From Times Higher Education in UK:
Adam Rutherford: taking on racism with the help of genetics
Despite its tainted origins, genetics provides many of the essential tools for challenging racist thinking, argues UCL fellow and science broadcaster
February 5, 2020
By Matthew Reisz
There were several reasons why geneticist Adam Rutherford, an honorary research fellow at UCL, felt the time was right to publish a book titled How to Argue with a Racist. …
Furthermore, “a huge recent rise in genetics ancestry kits has had the effect of reinforcing some ideas about biological essentialism which we were trying to erase from genetics”, added the science broadcaster, whose media appearances include his position as presenter of BBC Radio 4’s Inside Science. …
Genetics, in Dr Rutherford’s view, has now fortunately put its past behind it and is indeed a crucial tool in the battle against racism. “There is now a vanishingly small number of geneticists and evolutionary biologists who [dispute] that genetics has clearly demonstrated that race is not a biologically meaningful categorisation,” he said. …Yet, as someone who constantly engages with the public, Dr Rutherford was well aware “of a massive disconnect between what we are saying within the walls of the academy and what people think”. His book is designed to provide ammunition to challenge the views not only of hard-line white supremacists, but also “your slightly racist uncle” and even “basically well-intentioned people who say black people are better at sport or Jews are better at intellectual pursuits”.
… Yet it remained true, Dr Rutherford admitted, that “nobody has seen a white man in the final of the 100-metre sprint in the Olympics since 1980”. So what could be said to people who point to such facts and claim that they reveal, as Dr Rutherford put it, “a natural ability among those descended from the enslaved to be good at explosive-energy sports”?
If that argument was right, he said, “where are such people in sprint cycling or swimming, which has featured one African American in the history of the Olympics?” Similar arguments could be used against those who attributed the striking presence of Jews among composers and performers of classical music to innate talent, while ignoring cultural factors and other genres such as hip hop and jazz.
Even when such notions were seemingly used in a positive sense, Dr Rutherford went on, we must keep in mind links to a long history of offensive stereotyping.
He pointed, for example, to “a study looking at several thousand comments in the media about elite athletic success. These referred to innate physical abilities for a black athlete – and hard work, intelligence and industriousness for a white elite athlete. Such stereotypes are just baked into our culture.”
Rutherford gives me the excuse to count up some more 100 meter dash statistics that I’ve never seen before.
As I’ve been pointing out to the Race Does Not Exist dogmatists for a very, very long time going back to the 1990s, the 100 meter dash provides some interesting data to the contrary. Famously, the last 72 male finalists in the Olympics going back through 1984 have been at least half-sub-Saharan.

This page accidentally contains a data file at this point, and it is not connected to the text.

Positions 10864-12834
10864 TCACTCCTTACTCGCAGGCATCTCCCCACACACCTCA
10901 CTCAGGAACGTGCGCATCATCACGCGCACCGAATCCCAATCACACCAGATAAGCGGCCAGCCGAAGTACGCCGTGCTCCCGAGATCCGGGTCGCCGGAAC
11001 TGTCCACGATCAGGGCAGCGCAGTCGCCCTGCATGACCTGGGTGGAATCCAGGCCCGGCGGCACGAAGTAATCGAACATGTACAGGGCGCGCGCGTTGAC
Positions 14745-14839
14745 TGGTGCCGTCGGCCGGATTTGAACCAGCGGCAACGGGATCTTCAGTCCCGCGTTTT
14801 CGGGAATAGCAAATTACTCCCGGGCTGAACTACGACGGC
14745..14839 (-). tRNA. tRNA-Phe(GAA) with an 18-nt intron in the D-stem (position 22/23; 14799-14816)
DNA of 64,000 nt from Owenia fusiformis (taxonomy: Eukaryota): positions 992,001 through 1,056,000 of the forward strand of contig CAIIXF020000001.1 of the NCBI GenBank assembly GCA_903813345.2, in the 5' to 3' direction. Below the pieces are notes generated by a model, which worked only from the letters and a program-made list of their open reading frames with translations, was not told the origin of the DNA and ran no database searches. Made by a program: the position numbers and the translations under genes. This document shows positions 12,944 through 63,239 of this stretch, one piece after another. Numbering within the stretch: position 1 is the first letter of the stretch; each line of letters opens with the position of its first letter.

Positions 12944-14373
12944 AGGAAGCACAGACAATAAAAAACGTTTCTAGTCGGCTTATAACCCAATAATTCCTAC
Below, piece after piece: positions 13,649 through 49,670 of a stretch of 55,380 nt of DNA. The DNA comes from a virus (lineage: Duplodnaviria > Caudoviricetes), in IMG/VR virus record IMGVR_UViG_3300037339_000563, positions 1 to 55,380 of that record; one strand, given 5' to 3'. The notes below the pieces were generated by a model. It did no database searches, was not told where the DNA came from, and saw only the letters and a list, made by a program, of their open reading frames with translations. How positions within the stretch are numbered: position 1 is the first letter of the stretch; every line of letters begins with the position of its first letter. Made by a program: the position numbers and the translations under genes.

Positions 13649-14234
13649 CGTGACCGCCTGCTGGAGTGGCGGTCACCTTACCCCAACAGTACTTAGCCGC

However, a couple of other metrics are not quite so racially imbalanced, with more racial diversity. So it’s a bit of a fluke that 72 out of 72 in the Olympics have been black and the streak could well be broken in Tokyo in 2020.
At the World Championships held in between Olympics, one non-black has qualified into the finals in each of the last five championships.
And out of the 143 men in history to have run 100 meters in 9.99 seconds or less, a number have been non-black.
The 10 second barrier has been broken by 988 times by 143 guys as of late 2019.
Times are speeding up recently, so a number of leading Olympic countries such as France, Italy, Japan, and China have come up with indigenous sprinters who have run under 10 seconds.
I count two indigenous European whites (Christophe Lemaitre of France and more recently Fillipo Tortu of Italy of Sardinian ancestry), two Chinese, and two full-blooded Japanese to run under 10 seconds. Japan also has a half-black sprinter under 10 seconds.
The first non-black under 10 seconds in the world was Patrick Johnson of Australia, who is of white and Aboriginal ancestry. (Polish track fans contend that a Pole ran a 9.997 that was rounded up to 10.00 during the Cold War.)
Turkey is represented by a Caucasian from neighboring Azerbaijan, Ramil Guliyev. Britain has a guy named Adam Gemili who is of Moroccan and Persian background who has run 9.97. He too thinks his ancestry is pretty weird for a sprinter.
One of the five South Africans to run under 10 seconds is Wayde van Niekerk, the world record holder in the 400 meters, who is of Cape Coloured origins: They are usually a combination of white, black, Bushman, and Malay. If you saw him on a New York street, you’d probably guess he was, say, Puerto Rican.
On the other hand, nobody who isn’t at least half black has run the 100 meters in under 9.91 seconds. Usain Bolt holds the world record at 9.58 seconds.
The fastest 39 men of all time have been at least half black. Out of the 143 men under 10 seconds, at least 134 have been at least roughly half black, 135 if you count van Niekerk as half black.
Here are men under 10 seconds by country. It’s often argued by Rutherford et. al. that Nigeria is underrepresented in the 100 meters, which is true compared to Jamaica or Trinidad, but they are still tied with Britain for third most under 10 men in the world, and would be all alone in third if counting the two additional Nigerians who did running for rich Qatar.
There have also been four under 10 sprinters from other West African countries (Ghana and Ivory Coast). There are now 8 sprinters from southern Africa (South Africa, Zimbabwe, and Namibia back in the 1990s). Southern Africa might be the coming thing in sprinting.